Tuesday, August 25, 2009

Being self pay in an insurance world

I've recently had a discussions with my friends about health insurance so I figured I'd let you all in on how my side of the conversation goes.

We don't have any insurance. Zip. None. Nada.

Why not? Hubby owns his own business and is the only employee. We would wind up spending WAY more on insurance than what we pay on medical bills. That includes the five children we've had.

How is this possible? No, we're not rolling in money so check that off your list. We're just a typical American family, except we've have twice the average 2.5 kids that the typical American family has. We've simply discovered a way around the system quite by accident.

When we had our 15 year old, Kelly, we were young, broke, college students. Fortunately we had a lot of help from our families. The hospital bill alone was $4,5000. Keep in mind, this was not a normal birth. I had complications and had to stay four days instead of the usual two. Kelly was released after two days but when they told Hubby he could take her home, he looked at them and laughed. So she stayed in my room. Because we were "self pay," when we got the bill we went through it with a fine toothed comb. They charged us four days in the nursery instead of two. There were a few other charges that weren't correct and when we called the hospital, they gladly took the charges off.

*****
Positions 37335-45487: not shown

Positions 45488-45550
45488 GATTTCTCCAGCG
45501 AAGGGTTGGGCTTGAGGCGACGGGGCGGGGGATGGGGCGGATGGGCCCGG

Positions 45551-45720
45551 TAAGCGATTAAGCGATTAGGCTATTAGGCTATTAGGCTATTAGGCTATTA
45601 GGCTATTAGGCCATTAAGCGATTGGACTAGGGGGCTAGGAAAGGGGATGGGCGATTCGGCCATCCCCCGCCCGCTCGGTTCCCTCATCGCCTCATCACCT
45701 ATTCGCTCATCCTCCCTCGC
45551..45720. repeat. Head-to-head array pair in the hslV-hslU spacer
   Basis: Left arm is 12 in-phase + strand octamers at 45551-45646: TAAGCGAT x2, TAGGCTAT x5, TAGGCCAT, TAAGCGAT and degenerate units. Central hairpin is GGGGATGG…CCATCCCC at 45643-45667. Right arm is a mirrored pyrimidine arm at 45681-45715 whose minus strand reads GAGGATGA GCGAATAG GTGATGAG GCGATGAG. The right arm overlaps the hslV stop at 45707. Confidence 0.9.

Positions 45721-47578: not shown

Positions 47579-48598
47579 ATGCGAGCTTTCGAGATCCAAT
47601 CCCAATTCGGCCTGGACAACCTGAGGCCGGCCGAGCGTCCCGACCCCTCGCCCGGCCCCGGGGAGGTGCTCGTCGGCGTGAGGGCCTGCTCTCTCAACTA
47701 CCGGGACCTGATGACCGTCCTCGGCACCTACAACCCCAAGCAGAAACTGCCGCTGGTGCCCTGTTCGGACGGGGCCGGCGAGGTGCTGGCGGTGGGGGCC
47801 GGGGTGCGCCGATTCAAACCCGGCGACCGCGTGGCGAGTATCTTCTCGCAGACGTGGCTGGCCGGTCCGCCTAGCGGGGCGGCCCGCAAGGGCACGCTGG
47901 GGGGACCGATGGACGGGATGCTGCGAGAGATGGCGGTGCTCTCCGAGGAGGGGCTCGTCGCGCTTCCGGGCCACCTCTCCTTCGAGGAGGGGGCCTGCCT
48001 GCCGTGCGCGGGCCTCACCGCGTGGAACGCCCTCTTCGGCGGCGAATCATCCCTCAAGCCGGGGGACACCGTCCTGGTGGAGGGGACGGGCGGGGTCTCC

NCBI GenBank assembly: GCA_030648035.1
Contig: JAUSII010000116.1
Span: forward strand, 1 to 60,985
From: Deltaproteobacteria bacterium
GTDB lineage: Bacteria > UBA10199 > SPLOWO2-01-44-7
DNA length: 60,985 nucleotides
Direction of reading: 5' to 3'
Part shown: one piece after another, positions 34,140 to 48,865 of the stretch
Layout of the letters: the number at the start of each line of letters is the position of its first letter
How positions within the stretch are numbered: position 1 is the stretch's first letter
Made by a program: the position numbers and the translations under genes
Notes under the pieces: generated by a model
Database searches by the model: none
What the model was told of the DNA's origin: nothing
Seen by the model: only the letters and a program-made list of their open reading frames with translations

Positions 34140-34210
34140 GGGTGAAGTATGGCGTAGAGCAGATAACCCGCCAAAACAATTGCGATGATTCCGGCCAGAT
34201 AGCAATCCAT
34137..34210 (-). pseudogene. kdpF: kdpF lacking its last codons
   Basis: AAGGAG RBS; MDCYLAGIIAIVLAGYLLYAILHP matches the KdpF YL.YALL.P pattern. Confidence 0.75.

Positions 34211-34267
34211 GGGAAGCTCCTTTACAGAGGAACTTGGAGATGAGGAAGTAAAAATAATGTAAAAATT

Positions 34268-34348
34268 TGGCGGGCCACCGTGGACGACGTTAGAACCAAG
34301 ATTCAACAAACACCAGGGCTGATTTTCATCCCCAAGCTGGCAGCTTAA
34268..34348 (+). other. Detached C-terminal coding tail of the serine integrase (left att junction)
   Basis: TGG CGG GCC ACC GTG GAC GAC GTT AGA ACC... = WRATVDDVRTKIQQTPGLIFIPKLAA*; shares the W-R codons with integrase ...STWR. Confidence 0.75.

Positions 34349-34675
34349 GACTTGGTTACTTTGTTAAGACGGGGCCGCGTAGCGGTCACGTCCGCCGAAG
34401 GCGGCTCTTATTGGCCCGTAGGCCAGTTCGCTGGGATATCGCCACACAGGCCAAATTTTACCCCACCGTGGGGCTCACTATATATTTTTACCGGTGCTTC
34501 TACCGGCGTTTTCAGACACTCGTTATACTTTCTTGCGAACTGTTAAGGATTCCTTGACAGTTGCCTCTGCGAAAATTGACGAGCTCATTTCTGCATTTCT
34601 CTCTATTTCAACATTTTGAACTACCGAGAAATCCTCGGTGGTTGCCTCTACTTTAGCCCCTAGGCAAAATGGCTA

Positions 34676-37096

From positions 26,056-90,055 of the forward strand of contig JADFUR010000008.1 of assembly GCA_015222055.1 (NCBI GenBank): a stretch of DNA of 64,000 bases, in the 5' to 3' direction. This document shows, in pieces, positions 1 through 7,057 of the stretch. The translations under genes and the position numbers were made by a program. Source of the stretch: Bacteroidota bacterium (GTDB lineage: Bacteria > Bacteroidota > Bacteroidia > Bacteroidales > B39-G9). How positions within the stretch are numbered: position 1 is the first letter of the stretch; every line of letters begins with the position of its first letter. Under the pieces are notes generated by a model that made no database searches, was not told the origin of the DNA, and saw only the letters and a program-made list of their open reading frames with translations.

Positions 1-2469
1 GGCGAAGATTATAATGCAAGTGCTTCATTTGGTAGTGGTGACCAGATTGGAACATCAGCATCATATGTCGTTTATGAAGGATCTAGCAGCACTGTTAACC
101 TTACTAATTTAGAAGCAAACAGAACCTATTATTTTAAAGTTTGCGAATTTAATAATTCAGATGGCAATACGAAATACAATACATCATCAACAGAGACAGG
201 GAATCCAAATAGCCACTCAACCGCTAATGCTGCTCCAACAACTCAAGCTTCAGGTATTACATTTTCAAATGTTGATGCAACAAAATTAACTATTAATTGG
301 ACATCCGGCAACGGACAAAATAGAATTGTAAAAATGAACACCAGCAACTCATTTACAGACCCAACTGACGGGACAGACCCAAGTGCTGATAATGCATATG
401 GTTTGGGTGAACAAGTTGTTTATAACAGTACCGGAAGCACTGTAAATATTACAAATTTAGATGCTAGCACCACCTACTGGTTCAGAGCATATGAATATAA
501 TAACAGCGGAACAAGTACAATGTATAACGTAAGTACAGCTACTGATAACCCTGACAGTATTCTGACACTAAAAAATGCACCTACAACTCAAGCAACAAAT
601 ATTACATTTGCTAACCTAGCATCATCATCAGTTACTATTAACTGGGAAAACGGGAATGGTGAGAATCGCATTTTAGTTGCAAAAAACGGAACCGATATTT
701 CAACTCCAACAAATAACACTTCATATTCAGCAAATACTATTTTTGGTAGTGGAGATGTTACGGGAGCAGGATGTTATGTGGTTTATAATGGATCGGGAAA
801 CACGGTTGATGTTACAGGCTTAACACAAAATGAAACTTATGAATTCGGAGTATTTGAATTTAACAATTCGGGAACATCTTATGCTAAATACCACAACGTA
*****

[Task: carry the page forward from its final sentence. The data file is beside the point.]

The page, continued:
The next baby was completely different. The pregnancy was normal until my 7th month when I went into labor early. We had test after test for two months before Jacob was diagnosed with Trisomy 18. Had we had insurance, the bill would have been astronomical. We had several advanced ultrasounds, one with five doctors from five different specialties all in the same room. We had an amniocentesis, appointments with a geneticist, plus six visits to the ER to receive a shot to stop my labor. I have no idea what our bill would have been if we'd had insurance. Our OB/GYN gave us a discount because we paid in cash. The hospital removed several charges because we paid cash. Our geneticist didn't charge us at all. We received a severe discount on the amnio. And the brand new advanced ultrasound performed with the team of doctors? Free. Yes, a lot of this was because they felt sorry for us that our son would not live long even if he made it through delivery. But many of the discounts were due to the fact the hospital/doctors didn't have to wade through mounds of paper work and wait months to be reimbursed by some over inflated medical insurance company. They were getting cash without having to bill us.